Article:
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The Eagles Killed Becky

May 19th, 2010

I’m writing this from Austin, Texas, where I’ve spent the past few days attending the PBS Annual Meeting. But I’m not writing about that this evening. If you want the scoop about upcoming public TV series, you can check out my updates on TV Worth Blogging.

No, tonight I’m online to tell you about the place that’s going to make me sorry to leave Austin tomorrow afternoon: the Alamo Drafthouse Ritz. It’s one of those “brew n’ view” theaters with liquor and a full food service brought right to your seat, but that’s not what makes it the most awesome movie house I’ve ever visited. The Alamo Ritz is a year-round gonzo film festival: not content with cult and trash offerings, it features value-added shows such as a “quote-a-long” Princess Bride and a screening of Armageddon featuring live explosions. If I lived in Austin, I would be at the Ritz all of the freakin’ time.

Tonight I had the chance to visit the KLRU-TV studios to see where they shoot Austin City Limits, but then I found out that the Ritz was showing the neo-classic of bad cinema, Birdemic. It was no contest at all.

I only knew Birdemic: Shock and Terror (to give it its full title) by reputation and its gloriously awful trailer. Imagine The Birds remade by someone who had no idea what Hitchcock was trying to accomplish, with a budget of 100 bucks and the best computer graphics that 1979 could offer.

See for yourself.

One could watch Birdemic in the comfort of one’s own home, but the best way to experience it is in the company of a theater full of willing victims. Preferably, as I did, with a molten chocolate cake ala mode on one’s lap.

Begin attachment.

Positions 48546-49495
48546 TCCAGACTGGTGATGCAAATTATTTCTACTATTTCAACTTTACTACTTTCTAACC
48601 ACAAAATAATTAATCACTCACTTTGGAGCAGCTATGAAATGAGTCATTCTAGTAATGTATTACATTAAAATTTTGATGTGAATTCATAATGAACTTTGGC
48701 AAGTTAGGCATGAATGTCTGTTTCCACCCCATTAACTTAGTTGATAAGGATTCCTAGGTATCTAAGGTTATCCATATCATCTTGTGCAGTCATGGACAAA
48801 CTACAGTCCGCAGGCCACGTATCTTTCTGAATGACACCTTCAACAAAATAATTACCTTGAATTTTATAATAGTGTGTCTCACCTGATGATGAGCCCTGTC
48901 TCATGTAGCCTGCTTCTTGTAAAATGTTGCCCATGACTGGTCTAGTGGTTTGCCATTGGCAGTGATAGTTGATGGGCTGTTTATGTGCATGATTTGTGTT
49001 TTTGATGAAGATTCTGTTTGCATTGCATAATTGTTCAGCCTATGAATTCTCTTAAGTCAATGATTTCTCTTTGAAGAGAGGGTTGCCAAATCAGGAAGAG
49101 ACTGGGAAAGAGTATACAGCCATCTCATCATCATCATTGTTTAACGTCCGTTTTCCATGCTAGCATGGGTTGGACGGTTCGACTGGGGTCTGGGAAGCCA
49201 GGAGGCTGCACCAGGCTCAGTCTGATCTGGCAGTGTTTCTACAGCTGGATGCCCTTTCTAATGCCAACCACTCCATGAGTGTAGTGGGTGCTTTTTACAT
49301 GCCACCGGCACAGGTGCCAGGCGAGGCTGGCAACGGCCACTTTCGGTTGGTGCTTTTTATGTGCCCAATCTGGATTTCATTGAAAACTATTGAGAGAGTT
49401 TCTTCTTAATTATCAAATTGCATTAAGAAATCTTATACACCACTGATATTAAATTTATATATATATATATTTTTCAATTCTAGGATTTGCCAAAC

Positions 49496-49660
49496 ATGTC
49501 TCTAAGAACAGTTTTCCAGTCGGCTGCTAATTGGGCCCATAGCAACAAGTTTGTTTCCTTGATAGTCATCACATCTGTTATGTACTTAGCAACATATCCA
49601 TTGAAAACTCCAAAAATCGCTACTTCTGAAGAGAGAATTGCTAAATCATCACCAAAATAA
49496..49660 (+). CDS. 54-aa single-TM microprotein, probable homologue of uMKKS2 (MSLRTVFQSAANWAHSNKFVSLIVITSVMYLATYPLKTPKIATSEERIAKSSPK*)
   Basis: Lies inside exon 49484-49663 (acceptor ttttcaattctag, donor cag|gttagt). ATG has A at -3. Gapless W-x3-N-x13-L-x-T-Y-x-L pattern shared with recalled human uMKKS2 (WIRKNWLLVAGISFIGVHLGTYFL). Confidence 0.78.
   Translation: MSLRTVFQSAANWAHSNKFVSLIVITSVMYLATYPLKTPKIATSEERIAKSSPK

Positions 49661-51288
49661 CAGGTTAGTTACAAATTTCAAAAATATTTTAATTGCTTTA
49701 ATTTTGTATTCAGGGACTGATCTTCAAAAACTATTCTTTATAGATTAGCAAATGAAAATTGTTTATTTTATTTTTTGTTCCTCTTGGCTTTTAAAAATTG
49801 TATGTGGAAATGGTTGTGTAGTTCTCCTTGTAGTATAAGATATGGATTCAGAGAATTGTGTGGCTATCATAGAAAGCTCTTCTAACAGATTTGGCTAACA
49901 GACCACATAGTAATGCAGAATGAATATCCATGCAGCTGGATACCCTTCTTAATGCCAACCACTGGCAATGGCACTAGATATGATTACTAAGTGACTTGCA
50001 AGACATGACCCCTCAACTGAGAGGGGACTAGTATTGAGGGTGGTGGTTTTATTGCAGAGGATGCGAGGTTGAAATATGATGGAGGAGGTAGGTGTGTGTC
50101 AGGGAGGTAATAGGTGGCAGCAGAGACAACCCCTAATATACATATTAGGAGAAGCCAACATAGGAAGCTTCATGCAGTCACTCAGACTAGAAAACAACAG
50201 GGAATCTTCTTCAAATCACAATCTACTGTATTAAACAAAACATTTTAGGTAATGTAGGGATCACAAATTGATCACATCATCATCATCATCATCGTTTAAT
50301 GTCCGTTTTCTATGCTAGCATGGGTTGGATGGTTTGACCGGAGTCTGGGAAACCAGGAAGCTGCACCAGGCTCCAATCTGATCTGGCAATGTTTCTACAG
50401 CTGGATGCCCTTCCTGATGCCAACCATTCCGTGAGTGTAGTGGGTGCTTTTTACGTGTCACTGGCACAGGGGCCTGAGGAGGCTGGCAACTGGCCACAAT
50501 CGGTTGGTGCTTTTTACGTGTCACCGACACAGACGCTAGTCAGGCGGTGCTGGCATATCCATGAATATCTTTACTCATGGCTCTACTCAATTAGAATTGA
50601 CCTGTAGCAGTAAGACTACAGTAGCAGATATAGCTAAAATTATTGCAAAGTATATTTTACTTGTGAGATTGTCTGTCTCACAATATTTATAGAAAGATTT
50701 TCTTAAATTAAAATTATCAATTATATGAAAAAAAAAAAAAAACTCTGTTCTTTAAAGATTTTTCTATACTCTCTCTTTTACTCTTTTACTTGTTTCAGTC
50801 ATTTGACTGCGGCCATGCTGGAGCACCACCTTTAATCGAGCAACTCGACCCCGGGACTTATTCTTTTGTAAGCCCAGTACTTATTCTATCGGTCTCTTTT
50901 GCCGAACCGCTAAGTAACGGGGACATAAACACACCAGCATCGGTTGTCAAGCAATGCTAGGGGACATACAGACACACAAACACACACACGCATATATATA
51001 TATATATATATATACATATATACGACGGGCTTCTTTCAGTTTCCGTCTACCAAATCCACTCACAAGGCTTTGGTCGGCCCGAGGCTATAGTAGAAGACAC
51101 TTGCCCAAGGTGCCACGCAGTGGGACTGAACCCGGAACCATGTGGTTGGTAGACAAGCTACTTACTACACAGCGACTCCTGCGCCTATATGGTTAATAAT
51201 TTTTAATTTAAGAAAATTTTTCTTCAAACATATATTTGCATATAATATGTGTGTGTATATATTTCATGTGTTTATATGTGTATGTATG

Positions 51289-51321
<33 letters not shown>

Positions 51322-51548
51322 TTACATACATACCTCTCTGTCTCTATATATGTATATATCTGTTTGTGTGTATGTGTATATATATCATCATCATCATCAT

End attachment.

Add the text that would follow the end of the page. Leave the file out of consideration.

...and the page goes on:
It did not disappoint.

Birdemic has most of the hallmarks of a truly classic bad movie. You get banal dialogue that sounded as if someone transcribed everyday conversations. (“The eagles killed Becky” is one of the better howlers.) You get a cast of amateur actors presumably filled out by various friends and relatives. You get bogglingly bad special effects, in this case crudely superimposed CGI eagles which hover in midair. Oh, and you get lots and lots of driving scenes. A fair amount of the movie appears to be happening in real time.

However, what makes it especially precious is the basic incompetence of the direction and cinematography. There aren’t any day-for-night shots, but there are mismatched camera angles, missing dialogue and multiple jump cuts within a single scene. Every shot lingers for several seconds too long. There’s no effort made to loop dialogue muffled by nearby ocean waves, or to clear passing vacationers from the background of the frame.

This is one laid-back birdocalypse. The characters stop for a frickin’ picnic in the midst of birdmageddon.

While the script doesn’t quite reach the insane logic of Ed Wood, it does feature Wood’s endearing earnestness. This is a movie that wears its heart on its sleeve, with a plaintive message about humanity’s rape of Mother Earth. Both a gun-toting scientist and a treehouse-living naturalist make didactic speeches to the camera explaining how global warming is to blame for the bird flu epidemic that is causing eagles (and only eagles, it seems) to go berserk. (None of them, however, offer any insight as to what causes the birds to explode on impact.)

So, Birdemic was worth the $8.50 ticket price. But you know what really made the experience at the Alamo Ritz special? The trailer which declared the theater to be a “no talking zone,” and made it clear that they meant it.

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